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Saviours no more: Finance capital, Greensill, Gupta and the Whyalla steelworks.

Written by: Alex M. on 31 March 2021


Over the Labour Day long weekend news filtered through that the ‘saviour’ of the Whyalla steelworks, Sanjeev Gupta’s GFG Alliance, was experiencing difficulty with its finances (see Ned K’s 8 March Vanguard article here. )  That is, one of GFG’s key financiers, Greensill Capital, has spectacularly imploded leaving question marks hanging over GFG Alliance’s ability to continue its various operations here in Australia and overseas.  

A Bundaberg born businessman, Lex Greensill, founded Greensill Capital in 2011. Greensill went to one of the heartlands of finance capital, the City of London and established a financial firm that specialises in Supply Chain Finance.

Supply Chain Finance is like a lot of financial practice; it’s rather difficult for an ordinary person to comprehend. (The jargon and complexity associated with finance and financial instruments seems to be opaque by design.) Essentially, it is the speeding up of the payment process for companies actually making products. For example, a large manufacturer producing the bourgeois economists’ favourite item, the widget, has orders for the production of millions of widgets. The orders are from a number of companies involved in either using the widgets in their own production processes or selling the widgets (Marx called the latter merchants). Important here is the time discrepancy between the production of the widgets and the payment of the invoices by the companies that ordered the widgets. For the manufacturer it can be crucial to receive payment as soon as possible in order to have capital to start the production process again. However, invoices can have payments stipulated for 30 days or later after receipt of the widgets.

In order to overcome the time delay between production of commodities and payment for same, credit came into being. In volume three of Capital Marx describes the importance of credit and what he termed fictitious capital for the circulation of capital and the production process. Credit helped overcome the constant struggle to amass money for payment of commodities among other things. On the basis of the perceived soundness of a business or an individual, financial entities such as banks extended credit, thus allowing the production process to continue or the purchase of commodities to proceed with little to no delay. Of course the extension of credit comes at a cost; the debtor has to pay back the loan with interest. Marx highlighted the usefulness of credit and what was later called finance capital, while also pointing out the downside, namely the speculation associated with financial practice.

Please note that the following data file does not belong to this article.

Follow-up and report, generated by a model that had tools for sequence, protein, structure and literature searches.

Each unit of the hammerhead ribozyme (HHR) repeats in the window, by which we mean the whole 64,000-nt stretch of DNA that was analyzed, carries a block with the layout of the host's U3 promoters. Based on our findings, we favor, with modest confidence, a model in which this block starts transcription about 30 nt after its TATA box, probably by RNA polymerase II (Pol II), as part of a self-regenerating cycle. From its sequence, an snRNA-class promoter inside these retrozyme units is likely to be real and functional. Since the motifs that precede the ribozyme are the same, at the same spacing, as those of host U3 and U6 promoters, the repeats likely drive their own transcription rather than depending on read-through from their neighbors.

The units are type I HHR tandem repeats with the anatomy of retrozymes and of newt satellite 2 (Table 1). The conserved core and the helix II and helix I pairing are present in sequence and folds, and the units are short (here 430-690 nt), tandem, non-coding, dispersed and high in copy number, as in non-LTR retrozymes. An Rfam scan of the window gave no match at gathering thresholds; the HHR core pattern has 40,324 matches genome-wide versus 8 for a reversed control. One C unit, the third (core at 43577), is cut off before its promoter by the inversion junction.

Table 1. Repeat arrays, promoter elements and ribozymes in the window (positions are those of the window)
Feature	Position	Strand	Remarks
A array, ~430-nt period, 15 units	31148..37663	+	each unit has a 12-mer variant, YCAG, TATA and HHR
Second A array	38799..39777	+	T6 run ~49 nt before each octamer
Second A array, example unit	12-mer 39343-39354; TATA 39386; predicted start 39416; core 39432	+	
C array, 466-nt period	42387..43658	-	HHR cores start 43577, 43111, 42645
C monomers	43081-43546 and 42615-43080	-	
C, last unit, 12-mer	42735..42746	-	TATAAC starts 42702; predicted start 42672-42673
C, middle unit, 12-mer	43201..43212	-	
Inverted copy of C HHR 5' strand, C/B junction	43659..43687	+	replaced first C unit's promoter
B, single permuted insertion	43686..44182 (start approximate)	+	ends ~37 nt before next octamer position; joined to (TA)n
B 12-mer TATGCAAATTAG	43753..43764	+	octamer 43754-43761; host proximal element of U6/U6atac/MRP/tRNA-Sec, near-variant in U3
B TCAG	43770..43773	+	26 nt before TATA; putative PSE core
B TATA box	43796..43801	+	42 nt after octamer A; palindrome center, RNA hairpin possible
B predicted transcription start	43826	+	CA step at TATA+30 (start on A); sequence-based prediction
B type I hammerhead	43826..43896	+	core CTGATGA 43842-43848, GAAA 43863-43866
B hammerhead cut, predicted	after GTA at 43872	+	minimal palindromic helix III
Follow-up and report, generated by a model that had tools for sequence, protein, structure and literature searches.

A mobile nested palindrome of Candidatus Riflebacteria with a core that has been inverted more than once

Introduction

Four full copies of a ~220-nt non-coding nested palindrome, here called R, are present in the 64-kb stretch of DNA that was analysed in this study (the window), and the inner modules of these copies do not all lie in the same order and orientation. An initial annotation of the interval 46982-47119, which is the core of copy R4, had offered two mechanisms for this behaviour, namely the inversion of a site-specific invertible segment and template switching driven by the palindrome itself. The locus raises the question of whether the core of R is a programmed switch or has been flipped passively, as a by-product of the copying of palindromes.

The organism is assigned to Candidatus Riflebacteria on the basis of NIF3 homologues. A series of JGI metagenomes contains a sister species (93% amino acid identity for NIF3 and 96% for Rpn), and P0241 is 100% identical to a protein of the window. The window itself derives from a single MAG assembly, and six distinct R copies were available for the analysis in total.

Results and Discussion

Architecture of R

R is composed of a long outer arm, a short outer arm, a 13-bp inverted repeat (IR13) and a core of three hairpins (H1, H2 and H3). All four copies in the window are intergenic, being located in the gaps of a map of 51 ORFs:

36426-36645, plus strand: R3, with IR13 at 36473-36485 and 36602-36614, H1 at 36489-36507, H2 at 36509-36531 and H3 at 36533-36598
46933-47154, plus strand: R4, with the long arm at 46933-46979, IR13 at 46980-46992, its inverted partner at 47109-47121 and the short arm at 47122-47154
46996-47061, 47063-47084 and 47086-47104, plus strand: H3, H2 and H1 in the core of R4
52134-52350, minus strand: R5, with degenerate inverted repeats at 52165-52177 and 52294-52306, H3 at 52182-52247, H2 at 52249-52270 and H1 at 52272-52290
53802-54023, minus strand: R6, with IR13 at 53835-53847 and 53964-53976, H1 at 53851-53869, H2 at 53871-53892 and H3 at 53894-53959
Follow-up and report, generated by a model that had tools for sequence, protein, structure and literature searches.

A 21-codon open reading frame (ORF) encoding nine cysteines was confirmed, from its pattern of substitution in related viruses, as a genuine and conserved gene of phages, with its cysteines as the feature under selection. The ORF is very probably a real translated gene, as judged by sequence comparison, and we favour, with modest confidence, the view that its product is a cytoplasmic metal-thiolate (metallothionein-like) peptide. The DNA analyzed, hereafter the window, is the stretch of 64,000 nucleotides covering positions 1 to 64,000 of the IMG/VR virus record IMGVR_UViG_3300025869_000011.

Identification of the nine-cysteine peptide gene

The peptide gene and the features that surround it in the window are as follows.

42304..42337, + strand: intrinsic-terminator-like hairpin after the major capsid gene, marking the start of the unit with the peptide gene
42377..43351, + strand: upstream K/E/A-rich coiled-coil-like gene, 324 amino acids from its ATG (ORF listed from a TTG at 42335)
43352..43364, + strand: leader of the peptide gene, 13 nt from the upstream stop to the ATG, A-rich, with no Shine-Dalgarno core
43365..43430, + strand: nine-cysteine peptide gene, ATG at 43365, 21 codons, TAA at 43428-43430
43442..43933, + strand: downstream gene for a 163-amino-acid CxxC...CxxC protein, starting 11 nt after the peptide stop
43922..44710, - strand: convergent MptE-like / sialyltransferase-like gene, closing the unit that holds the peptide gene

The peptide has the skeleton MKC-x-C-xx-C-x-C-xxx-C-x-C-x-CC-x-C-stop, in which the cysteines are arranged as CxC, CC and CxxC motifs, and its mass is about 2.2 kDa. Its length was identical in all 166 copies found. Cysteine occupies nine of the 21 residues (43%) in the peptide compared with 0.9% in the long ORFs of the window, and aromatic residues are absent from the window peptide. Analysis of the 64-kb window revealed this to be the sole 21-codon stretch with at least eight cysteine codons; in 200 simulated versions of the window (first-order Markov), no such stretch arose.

Since Marx’s time there has been an exponential rise in the number of financial instruments and financial corporations. In addition, the fragmentation of production processes has proceeded apace. That is, rather than the production of widgets taking place in a single location, the various parts of the widget making process can be separated out with manufacturing firms specialising in producing a part or parts of the widget. These production plants can be located in various parts of the globe due to lower wages, tax breaks, less stringent environmental laws, higher profits and so on, thus adding complexity to the supply chain. A classic modern example of this is the Apple IPhone where Apple subcontracts the production of parts of the phone out to Foxconn in China and the packaging of the IPhone to other companies in other cities and countries. The IPhone and its packaging is the result of a number of production processes located in various parts of the globe, entailing numerous changes of location, warehousing and shipping, before distribution to retailers. Such complex supply chains have helped drive the rise of Supply Chain Finance.